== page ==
Are you in Canada? Click here to proceed to the HK Canada website.

For all other locations, click here to continue to the HK US website.

Human Kinetics Logo

Purchase Courses or Access Digital Products

If you are looking to purchase online videos, online courses or to access previously purchased digital products please press continue.

Mare Nostrum Logo

Purchase Print Products or eBooks

Human Kinetics print books and eBooks are now distributed by Mare Nostrum, throughout the UK, Europe, Africa and Middle East, delivered to you from their warehouse. Please visit our new UK website to purchase Human Kinetics printed or eBooks.

Feedback Icon Feedback Get $15 Off


Free shipping for orders over $99

Need to access your Online Course or Ebook?

Understand the mechanics of turnout

This is an excerpt from Dance Anatomy 2nd Edition by Jacqui Greene Haas.

Turnout of the legs is used in movements performed by ballet dancers. There are a few anatomical factors that determine your turnout: strength of the external rotators, flexibility of the internal rotators, and the bony alignment of the femoral head and neck. The majority of the turnout must come from movement in the hip socket. The International Association of Dance Medicine and Science states that on average 60 percent of turnout comes from the hip, 20-30 percent from the ankle and the remaining 10-20 percent comes from the knee and tibia.The strength in your deep hip external rotators can help you achieve quality turnout. Whenever you are required to lift your leg while it's turned out, initiate the movement by contracting the deep external hip rotators to fully turn out within the hip socket. Maintain the muscle contraction through the entire movement of the leg while other muscles assist.

For example, in arabesque, the deep rotators contract and the gluteus maximus assists as a turnout muscle to help bring the hip into extension. Without the contraction of the deep six rotators, your leg would swing back in parallel! When executing plié, allow the rotators to contract to keep the femurs open along the frontal plane and aligned over the toes. On the downward phase, the inner-thigh muscles assist by working eccentrically; on the upward phase, they work concentrically.

Visualize the location of the small external rotators as they connect the femur with the sacrum and lower pelvis. As the muscle fibers contract and shorten, the femur rotates laterally in the socket. The femur can turn out in the hip socket without unwanted movement in the lower back or pelvis, which supports the hip disassociation theory. Practice moving your femur inward and outward while sitting, lying down, and standing. Focus on movement only deep within the socket; notice that you don't need to twist your pelvis or tuck under to actively rotate your femur in the joint. Just move your thigh, not your pelvis or spine.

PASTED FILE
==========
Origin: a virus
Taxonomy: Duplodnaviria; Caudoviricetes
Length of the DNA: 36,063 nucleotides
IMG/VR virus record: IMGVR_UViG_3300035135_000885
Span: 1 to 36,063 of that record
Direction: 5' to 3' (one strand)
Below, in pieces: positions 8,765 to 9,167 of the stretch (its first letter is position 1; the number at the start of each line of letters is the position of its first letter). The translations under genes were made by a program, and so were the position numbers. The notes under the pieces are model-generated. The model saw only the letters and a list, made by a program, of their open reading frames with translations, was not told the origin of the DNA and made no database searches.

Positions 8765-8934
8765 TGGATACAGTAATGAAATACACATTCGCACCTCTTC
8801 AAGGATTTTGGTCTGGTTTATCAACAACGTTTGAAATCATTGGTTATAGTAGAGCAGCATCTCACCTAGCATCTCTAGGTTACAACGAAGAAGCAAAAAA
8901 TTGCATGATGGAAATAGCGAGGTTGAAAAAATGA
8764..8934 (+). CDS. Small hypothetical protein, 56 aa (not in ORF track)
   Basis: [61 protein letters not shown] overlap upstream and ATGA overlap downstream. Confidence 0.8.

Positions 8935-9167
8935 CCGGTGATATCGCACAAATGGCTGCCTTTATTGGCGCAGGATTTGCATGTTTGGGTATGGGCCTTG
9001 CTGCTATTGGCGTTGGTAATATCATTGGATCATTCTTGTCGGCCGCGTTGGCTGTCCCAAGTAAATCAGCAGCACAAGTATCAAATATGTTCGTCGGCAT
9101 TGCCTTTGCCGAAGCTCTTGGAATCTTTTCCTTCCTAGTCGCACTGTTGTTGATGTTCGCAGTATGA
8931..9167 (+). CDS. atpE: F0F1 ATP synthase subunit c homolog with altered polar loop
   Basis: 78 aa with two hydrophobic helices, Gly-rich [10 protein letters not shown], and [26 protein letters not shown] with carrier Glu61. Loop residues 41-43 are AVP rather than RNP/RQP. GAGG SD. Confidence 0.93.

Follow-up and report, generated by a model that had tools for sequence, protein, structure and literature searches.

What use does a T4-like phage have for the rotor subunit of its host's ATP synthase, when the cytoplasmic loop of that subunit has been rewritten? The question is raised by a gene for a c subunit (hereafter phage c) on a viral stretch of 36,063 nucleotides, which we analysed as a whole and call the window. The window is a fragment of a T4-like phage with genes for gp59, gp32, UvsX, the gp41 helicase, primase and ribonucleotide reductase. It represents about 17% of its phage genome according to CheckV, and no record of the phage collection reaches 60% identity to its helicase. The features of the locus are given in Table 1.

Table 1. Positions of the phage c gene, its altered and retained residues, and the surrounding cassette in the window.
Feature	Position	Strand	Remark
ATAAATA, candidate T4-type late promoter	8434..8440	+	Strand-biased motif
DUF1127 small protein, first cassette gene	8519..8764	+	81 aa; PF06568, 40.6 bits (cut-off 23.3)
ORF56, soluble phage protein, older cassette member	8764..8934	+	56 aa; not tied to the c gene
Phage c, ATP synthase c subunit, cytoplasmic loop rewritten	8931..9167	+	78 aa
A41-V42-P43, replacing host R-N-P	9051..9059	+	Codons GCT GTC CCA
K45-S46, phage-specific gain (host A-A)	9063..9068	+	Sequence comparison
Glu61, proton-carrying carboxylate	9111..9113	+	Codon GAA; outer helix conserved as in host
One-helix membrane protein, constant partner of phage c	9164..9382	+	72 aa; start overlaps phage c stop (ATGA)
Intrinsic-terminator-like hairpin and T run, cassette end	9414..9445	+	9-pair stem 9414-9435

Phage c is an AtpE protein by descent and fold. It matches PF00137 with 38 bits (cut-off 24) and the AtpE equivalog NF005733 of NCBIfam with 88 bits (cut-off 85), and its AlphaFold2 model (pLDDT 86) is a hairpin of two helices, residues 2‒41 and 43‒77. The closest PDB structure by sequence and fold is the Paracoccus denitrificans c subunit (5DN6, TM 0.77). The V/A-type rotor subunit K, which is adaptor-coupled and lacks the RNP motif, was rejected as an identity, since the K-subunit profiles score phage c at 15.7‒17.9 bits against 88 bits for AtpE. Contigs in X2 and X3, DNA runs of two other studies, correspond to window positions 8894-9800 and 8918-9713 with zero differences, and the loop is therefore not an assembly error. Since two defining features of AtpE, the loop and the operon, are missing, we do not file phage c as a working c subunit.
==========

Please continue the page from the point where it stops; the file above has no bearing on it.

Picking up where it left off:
Understanding the passive range of motion in your hip can help you understand your natural hip rotation, but your functional turnout - what you can actually hold and work with - is more useful. As discussed previously, 60 percent of your turnout comes from your hip and the rest through your knees, tibia, foot and ankle. To attain ideal functional turnout, you must work within your means and with proper skeletal alignment. Ideal turnout of 180 degrees is physically challenging and can create compensation and potential injuries for some dancers. Focusing on turning your legs out from your hips can minimize the stresses on the knee and ankle. Consider these keys for better functional turnout:

  • Always align your patella (kneecap) over your second toe, to avoid screwing or twisting through the knee joint
  • Keep your weight placed equally over your heel and first and fifth metatarsals to avoid the overpronating of the feet
  • Maintain your pelvis in a firm, neutral position, utilizing your abdominals and deep hip external rotators avoiding the anterior pelvic tilt

Learn more about Dance Anatomy, Second Edition.

More Excerpts From Dance Anatomy 2nd Edition